Swiss woman in Mexico. Palenque, Mexico. 1982

With a tip of the hat to Ruth Orkin, here’s a photo of a Swiss woman I met in Palenque, Mexico, on “sabatical” from her family.

This sort of street photography is one of my favourite types of photography.

When I used to shoot film, one of my preferred lenses was a 135mm f2.8. The 135 is perfect for this sort of shot because it’s small and fast. Since I’m going to Europe very soon, I ordered a 50mm to 150mm f2.8 lens so I could take photos of people on the street unobtrusively.

I didn’t want to buy a zoom (I hate them because they are big and slow) but nowadays one is almost forced to, because the average punter wants a lens that does everything and doesn’t give a damn about quality. Nikon makes a 135mm f2 prime lens but it’s a monster (front element 72mm) and costs a small fortune. Another reason why I didn’t want to buy the Nikon lens was because it has a built-in soft focus control that’s aimed at portrait photographers with no taste.

I can’t tell you how much I detest those schmaltzy and sickly soft focus shots ones sees in some portrait photographer’s displays. 


I took the shot above on Kodachrome 64

9 thoughts on “Swiss woman in Mexico. Palenque, Mexico. 1982”

  1. My buddy owns that 135/2, and, yes, it’s a beast.

    Of course, one of the traps of getting a really fast lense, no matter the length, is that you feel compelled to shoot wide open. When I first got serious about photography, I made the mistake of shooting wide open a lot of the time. It wasn’t until I began shooting with more depth that my photography began to improve dramatically. It’s amazing how many shooters don’t realize that shooting wide open produces inherently softer photos.

  2. Iheartfilm

    The lack of depth of field is also an issue, particularly when used for close ups. When I used to use my old 135 f2.8 I took plenty of head shots with the eyes in focus but the nose out of focus.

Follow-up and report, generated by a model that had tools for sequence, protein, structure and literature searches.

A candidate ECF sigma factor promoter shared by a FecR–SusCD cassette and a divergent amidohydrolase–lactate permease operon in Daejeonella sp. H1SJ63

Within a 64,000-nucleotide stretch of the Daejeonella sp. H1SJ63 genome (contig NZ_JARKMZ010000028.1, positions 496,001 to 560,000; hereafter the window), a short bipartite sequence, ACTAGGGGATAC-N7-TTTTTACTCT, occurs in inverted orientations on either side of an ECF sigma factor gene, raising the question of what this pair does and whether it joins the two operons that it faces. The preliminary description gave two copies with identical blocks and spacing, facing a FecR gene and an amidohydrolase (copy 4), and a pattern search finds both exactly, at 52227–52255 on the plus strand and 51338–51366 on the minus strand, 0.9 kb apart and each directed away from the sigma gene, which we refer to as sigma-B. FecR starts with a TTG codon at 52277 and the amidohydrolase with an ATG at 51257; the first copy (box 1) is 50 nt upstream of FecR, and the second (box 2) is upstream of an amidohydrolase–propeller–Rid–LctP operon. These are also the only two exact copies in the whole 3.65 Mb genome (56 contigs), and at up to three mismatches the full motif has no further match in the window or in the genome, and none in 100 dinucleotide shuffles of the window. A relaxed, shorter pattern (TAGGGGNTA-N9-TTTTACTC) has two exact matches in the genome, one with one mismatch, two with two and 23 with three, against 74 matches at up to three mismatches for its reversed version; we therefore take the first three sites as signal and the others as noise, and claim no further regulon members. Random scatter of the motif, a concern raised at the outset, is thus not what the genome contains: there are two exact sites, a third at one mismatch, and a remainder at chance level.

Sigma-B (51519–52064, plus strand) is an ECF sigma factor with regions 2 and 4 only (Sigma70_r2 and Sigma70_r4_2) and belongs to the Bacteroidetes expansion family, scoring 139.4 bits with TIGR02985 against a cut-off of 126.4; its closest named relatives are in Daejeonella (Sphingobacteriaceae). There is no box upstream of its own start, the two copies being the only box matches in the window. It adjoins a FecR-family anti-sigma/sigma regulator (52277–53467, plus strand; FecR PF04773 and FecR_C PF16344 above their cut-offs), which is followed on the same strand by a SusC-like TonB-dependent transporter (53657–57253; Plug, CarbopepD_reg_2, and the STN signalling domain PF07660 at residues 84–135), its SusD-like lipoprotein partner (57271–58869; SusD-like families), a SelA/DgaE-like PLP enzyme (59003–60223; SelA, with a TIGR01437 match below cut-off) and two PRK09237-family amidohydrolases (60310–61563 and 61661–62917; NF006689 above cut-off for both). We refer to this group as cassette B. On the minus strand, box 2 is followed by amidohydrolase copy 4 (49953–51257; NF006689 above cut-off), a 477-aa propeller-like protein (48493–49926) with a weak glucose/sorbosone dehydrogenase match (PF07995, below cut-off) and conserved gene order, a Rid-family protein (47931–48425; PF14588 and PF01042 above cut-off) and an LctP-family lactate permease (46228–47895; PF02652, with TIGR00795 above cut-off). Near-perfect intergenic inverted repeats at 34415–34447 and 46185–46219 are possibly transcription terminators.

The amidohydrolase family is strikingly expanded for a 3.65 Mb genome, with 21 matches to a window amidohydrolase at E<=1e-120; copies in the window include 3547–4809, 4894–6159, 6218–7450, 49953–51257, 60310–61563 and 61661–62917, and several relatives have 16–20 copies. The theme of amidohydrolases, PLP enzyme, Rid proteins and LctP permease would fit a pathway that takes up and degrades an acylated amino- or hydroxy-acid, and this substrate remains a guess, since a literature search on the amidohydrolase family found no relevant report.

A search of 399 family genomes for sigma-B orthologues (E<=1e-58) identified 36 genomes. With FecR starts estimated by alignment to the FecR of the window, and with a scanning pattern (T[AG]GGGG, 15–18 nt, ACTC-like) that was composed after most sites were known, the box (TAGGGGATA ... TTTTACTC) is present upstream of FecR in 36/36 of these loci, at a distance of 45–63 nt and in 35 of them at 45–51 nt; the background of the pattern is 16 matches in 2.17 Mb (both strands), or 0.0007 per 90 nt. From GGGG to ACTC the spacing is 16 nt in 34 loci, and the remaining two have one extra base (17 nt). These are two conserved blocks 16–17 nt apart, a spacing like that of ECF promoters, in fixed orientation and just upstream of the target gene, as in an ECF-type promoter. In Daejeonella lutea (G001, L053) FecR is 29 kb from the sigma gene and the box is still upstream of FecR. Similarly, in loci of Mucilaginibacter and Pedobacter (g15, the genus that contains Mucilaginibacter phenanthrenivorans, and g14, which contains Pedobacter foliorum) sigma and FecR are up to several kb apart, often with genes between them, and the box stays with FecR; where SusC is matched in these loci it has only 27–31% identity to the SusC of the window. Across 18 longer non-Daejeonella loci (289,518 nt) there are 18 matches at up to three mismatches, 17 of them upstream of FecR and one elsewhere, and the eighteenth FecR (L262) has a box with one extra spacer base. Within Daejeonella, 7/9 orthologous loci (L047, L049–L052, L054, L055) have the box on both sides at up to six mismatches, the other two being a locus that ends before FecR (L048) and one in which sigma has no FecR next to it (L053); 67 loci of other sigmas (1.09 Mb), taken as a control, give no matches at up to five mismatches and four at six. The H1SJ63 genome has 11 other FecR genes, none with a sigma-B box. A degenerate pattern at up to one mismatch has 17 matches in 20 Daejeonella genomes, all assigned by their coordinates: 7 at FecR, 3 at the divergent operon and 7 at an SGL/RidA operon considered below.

I imagine the 135 f2 would be an annoying lens to use on a regular basis. You’d constantly be having to check the depth of field and that hardly makes for spontaneous photography.

    My other favourite lens is my 10-20mm as it’s great for putting subjects into a context instead of isolating them with a blurry background. Horses for courses.

    I tend to use either extreme in my photography and I’ve noticed that I take very few shots in the mid range focal lengths.

  3. Remind me to get out my yellow boots, will ya? I loveeed the 135 Nikon. I used it all throughout the seventies and eighties as well. This is a terrific shot for so many reasons.

  4. Great interlacement of gazes.

    As for zooms, I guess I like them because my first lens was a 80-300 zoom and I kind of got fond of the “flexibility”. Plus it played on my shyness for approaching people and keenness on details.

    It’s true I didn’t do any really serious work back then but zoomlaziness and fixed lens price factor just stuck with me.

  5. Pat

    The yellow boots were nice. There was some nice to come out of the eighties. Glad you like the shot, it’s one of my favourites.


    An 80-300 is just the sort of lens that a beginner would buy. I don’t mean that disrespectfully but people just starting off in photography love the idea of getting everything in one lens when in fact, when they learn a little more, they find out that it wasn’t such a good choice after all. Too slow, unsharp and low contrast due to all the elements and difficult to use at 300mm without a tripod if you want to avoid camera shake.

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